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This Is Why Global Companies Should Enter the African Market

 

In the early 2010s, China’s tremendous market size and the world’s largest number of mobile-internet users led many U.S. tech companies to enter the country and offer their services to the Chinese consumers. As technological advancements are introduced nearly every day, more nations embark on a steep modernization course. Rapid growth is creating expanding gaps for brands to fill with their products and services and near-limitless opportunities to achieve success. While there may be several niches and places you can tap into, it is important to select the right market for your business and enter at the right time. When it comes to the education space, Africa holds considerable potential thanks to its growing young demographic and wages, technological advancements and an increasing demand in quality education.

Africa’s GDP has been on the rise and is expected to grow In general, it’s not surprising that there’s been a growing demand for higher education from African countries. The continent has the youngest population in the world, with 70% of the Sub-Saharan population under the age of 30. This demographic dynamic combined with growing salaries presents opportunities to market to this progressive generation, who are willing to spend on quality education and improve their quality of life. 

Related: 4 Lessons for Entrepreneurs From Africa’s Solar Industry

Despite the continuous economic growth and opportunities, there’s still a lack of competition from global companies on the African market. Developing infrastructure, expensive and unreliable internet and lack of payment methods were named among the barriers to entry. However, fintech companies and the world’s biggest digital players, such as Google, are betting on Africa with investments in the continent’s digital transformation.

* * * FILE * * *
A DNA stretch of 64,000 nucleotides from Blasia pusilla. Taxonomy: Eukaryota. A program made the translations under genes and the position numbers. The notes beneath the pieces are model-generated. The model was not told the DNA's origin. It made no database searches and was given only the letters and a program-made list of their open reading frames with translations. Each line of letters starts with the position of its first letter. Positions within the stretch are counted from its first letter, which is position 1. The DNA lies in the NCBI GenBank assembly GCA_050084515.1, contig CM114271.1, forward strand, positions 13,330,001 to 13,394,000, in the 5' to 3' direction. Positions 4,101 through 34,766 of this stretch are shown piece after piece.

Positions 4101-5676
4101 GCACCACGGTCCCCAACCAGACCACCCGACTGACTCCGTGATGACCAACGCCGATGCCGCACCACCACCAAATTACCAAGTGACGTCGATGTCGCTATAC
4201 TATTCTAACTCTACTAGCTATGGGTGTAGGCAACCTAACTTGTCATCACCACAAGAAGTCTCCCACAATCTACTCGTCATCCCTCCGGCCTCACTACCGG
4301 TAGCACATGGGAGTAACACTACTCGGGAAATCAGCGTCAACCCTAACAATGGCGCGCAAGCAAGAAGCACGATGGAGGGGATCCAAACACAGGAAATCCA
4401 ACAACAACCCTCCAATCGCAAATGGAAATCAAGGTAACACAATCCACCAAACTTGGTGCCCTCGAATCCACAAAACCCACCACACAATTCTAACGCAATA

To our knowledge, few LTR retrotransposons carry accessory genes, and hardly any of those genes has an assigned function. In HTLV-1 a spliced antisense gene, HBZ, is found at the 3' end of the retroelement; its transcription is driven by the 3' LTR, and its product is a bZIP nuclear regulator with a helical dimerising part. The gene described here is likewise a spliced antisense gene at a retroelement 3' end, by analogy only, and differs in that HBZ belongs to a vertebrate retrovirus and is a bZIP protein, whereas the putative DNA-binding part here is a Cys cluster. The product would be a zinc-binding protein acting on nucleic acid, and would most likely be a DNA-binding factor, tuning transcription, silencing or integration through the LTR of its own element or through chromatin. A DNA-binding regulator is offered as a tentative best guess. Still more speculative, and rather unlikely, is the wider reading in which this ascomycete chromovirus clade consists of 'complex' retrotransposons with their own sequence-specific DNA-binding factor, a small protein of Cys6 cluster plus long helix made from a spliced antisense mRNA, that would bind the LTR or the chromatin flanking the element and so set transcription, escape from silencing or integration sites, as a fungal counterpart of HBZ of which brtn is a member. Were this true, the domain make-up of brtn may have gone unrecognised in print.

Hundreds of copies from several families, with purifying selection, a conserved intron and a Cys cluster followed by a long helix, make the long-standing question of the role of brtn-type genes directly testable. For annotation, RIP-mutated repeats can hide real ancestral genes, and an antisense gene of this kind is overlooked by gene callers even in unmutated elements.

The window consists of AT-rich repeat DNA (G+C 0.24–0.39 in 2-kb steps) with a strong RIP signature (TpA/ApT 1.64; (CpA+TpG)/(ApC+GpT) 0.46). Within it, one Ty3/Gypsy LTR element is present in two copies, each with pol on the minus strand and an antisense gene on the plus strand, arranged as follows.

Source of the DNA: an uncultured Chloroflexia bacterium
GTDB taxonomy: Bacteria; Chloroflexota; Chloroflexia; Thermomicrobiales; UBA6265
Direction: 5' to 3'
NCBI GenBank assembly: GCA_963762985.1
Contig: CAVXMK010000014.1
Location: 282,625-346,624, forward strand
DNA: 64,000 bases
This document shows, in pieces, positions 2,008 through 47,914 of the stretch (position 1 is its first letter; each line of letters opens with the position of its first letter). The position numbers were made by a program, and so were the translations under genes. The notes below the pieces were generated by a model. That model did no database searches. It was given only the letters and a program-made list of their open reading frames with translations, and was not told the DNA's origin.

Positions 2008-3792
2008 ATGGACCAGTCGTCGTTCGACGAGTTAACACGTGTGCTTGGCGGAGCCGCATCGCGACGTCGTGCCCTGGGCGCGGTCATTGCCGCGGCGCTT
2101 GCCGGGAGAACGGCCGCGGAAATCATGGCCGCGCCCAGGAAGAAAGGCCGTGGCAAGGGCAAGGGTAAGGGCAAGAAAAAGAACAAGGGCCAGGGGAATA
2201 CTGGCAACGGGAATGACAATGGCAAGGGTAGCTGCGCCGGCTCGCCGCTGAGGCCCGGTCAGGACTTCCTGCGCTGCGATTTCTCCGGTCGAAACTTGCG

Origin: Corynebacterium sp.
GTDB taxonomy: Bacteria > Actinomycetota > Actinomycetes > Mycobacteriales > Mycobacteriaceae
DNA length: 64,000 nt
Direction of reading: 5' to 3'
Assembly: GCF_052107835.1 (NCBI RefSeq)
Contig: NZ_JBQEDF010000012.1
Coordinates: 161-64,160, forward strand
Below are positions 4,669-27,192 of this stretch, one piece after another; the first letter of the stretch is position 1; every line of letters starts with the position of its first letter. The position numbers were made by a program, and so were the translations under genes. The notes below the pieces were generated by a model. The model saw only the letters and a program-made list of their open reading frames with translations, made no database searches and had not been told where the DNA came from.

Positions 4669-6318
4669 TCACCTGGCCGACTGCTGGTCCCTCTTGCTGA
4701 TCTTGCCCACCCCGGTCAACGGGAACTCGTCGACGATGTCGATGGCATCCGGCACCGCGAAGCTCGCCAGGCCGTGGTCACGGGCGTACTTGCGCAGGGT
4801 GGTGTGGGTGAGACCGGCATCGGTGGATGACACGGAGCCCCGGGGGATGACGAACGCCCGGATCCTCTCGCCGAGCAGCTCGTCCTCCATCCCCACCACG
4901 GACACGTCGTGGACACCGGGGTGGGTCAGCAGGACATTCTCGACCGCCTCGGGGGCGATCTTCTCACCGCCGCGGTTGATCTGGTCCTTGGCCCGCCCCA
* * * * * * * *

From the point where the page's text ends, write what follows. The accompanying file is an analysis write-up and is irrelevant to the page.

While many companies may still hesitate to tap into this market, it’s important to start establishing your presence in Africa now. From a cultural perspective, it takes time to understand the country and create a community that plays a significant role in the lives of the local population. From a business standpoint, it’s beneficial to establish your presence in a low-competition market and then scale fast once the business landscape becomes more advanced. While it requires considerable time, money and energy to be among the pioneers in introducing your business to a new continent, it’s essential to have a growth mindset and view it as an investment into future opportunities.

Growing demographic and wages

Africa’s population as a whole is young and growing. The median age for the continent is 18, which is 14 years younger than any other, and the continent’s population is set to double to two billion Rising wages make up another significant factor. While the situation is different in each sub-Saharan African countrу, when measuring wages in nominal terms, the research found that wages are increasing faster in Africa than anywhere else in the world. Countries like Ghana are among the strongest economies in terms of pay increase. At nominal wage growth of 14%, Ghana comes second after Turkey, which is at 20%. South Africa, for example, also introduced a national minimum wage in 2018 as well as more recent initiatives in efforts to extend protection to vulnerable workers.